Doctors from across the UK have backed calls for the introduction of maximum workload limits for GPs.
The BMA’s Annual Representative Meeting voted in favour of a motion urging that a ‘sensible cap is agreed on the workload that a GP can be expected to be safely deliver in a day for the safety of patients and sanity of GPs’.
This follows last year’s vote in favour of introducing hospital-style ‘black alerts’ in GP practices, when patient safety could not be guaranteed.
The BMA’s GP Committee published guidance proposing four ‘operational pressures escalation levels’ in March this year, however at the time NHS England said ‘arbitrary caps on patient appointments would breach GPs’ contracts’.
Speaking in favour of the motion, Dr Mary McCarthy, a GP in Shrewsbury, said: ‘It’s not that I necessarily want them as a definite limit. What I want people to recognise is that seeing 25 patients a day is a reasonable amount of work to do. Seeing 50, 60, 70 patients a day, every day, year on year, is not safe. It’s not safe for the doctor and it’s not safe for the patient.
‘I think this should be viewed like a speed limit – and I speak as someone with points on their licence – that there are occasions when you do break it. That there are obviously flu epidemics or a busy day, in which you do see more. But that you do recognise that you’re working at an unsafe level.’
Speaking against the motion, Tower Hamlets LMC chair Dr Jackie Applebee said: ‘General practice is in meltdown, we can’t go on as we are, but what would a sensible cap be and how would we enforce it?
‘Some suggest limiting consultations perhaps to 25 a day but how many of us would turn away our 26th patient when for example they’re an 85-year-old who struggled to get down to the surgery. We are notoriously bad a saying no and no more so than to our registered patients.’
Dr Richard Vautrey, chair of the BMA’s GP Committee, said: ‘We have started working on this. We have produced a paper, describing how we can provide some safe limits for practices – how they can take control of that but clearly we need the investment as well to enable that to happen on a sustainable basis. But the way that this motion is phrased, we do believe you could accept it because it is helpful in terms of moving that agenda forward.’
Also at today’s ARM, which is taking place in Brighton, a motion calling on the BMA ‘to take urgent action to ensure the protection of “last man standing” GPs from any additional costs of resignation or retirement resulting from practice closure’ was voted through unanimously.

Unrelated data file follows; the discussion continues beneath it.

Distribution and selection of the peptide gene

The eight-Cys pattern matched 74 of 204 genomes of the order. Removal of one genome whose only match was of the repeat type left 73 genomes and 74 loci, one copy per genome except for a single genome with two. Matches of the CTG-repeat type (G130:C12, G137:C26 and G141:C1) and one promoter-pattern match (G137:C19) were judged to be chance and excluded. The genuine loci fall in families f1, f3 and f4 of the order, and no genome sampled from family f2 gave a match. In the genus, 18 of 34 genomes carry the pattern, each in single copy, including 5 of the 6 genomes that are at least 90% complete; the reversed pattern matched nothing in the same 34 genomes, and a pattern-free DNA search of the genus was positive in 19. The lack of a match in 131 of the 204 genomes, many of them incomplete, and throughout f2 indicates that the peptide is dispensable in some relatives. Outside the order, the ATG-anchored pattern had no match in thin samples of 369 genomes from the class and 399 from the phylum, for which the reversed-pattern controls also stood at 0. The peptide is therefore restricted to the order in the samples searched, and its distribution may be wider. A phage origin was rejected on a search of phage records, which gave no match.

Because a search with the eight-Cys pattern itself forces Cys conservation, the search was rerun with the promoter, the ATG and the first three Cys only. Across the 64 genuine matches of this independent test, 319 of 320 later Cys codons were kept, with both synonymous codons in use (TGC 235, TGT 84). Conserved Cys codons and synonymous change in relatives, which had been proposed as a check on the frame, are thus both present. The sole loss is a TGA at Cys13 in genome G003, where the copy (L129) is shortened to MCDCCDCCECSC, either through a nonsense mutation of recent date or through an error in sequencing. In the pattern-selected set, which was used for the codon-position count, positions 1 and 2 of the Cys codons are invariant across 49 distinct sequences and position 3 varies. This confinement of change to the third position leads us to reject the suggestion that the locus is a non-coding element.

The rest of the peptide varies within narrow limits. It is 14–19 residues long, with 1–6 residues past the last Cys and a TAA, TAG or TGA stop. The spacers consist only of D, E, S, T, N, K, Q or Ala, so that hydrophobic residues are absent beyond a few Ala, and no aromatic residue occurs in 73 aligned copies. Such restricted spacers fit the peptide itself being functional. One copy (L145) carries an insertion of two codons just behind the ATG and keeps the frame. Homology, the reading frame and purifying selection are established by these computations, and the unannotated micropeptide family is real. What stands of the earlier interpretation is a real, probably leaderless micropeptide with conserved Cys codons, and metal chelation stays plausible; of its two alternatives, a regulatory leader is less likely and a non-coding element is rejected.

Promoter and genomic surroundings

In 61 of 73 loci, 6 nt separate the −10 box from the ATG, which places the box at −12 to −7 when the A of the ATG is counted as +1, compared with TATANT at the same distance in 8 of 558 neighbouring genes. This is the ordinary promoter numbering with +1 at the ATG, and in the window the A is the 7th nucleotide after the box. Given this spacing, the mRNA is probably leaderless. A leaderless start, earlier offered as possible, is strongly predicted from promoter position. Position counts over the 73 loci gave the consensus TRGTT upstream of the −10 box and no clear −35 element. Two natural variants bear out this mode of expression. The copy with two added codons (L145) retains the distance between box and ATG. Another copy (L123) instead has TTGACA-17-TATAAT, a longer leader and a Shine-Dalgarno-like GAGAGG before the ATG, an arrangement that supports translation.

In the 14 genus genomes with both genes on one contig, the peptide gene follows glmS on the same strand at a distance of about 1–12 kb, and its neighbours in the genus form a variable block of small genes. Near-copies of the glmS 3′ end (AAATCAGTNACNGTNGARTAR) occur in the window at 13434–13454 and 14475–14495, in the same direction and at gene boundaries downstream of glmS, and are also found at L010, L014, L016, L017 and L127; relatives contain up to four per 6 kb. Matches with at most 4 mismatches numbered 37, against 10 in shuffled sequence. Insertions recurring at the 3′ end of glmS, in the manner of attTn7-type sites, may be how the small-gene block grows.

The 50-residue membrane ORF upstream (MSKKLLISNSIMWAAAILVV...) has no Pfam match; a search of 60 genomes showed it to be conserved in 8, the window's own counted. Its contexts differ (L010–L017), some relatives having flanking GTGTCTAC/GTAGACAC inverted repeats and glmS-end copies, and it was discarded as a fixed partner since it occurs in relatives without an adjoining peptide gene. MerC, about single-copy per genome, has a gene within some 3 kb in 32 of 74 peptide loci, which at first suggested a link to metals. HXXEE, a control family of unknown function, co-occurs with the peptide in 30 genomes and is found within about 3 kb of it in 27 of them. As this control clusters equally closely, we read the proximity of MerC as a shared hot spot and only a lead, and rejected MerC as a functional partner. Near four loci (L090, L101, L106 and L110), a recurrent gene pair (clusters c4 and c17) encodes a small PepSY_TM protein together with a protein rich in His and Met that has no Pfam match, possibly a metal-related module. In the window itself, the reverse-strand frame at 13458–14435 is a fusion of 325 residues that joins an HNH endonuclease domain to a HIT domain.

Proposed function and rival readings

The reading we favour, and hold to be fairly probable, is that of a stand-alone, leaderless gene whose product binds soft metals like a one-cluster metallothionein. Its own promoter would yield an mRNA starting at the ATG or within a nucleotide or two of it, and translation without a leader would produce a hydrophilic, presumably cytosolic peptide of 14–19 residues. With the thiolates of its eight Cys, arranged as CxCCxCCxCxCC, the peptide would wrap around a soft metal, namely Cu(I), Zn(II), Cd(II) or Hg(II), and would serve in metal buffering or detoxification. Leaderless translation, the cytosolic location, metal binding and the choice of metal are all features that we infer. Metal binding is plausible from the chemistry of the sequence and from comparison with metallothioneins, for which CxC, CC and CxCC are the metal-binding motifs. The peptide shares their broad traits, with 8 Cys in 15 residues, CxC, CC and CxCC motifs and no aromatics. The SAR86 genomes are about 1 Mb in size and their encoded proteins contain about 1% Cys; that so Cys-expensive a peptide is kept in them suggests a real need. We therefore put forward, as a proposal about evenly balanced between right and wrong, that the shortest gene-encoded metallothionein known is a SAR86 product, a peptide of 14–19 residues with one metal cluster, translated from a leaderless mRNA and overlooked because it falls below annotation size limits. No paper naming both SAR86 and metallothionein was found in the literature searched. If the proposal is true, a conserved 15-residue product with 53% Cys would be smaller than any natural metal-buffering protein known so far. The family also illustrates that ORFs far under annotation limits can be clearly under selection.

In a speech introducing the GP section of the meeting, Dr Vautrey said: ‘For far too long our service has been undervalued and taken for granted.
‘GPs’ work ethic and dedication to their patients has been exploited through a decade of underfunding and soaring workload pressure, with the assumption that the GP practice will always be there to pick up the workload that others say they cannot or will not do.’
Pulse revealed last month that one in six GPs has already had to turn away patients for routine appointments due to unsustainable demand in the past year.
Motions in full
GWENT AND SOUTH POWYS DIVISION: That this meeting urges a sensible cap is agreed on the workload of a GP which can be expected to be safely delivered in a day for the safety of patients and sanity of GPs.
CONFERENCE OF LMCS: That this meeting is concerned about the number of recent practice closures and:-
i) believes that unmanaged dispersals lead to patient safety issues;
ii) believes that more needs to be done to make the public aware of the mounting threat to the system of general practice;
iii) demands details of the contractual arrangements to provide ongoing primary care after a practice closure, are made public;
iv) instructs the BMA to take urgent action to ensure the protection of ‘last man standing’ GPs from any additional costs of resignation or retirement resulting from practice closure.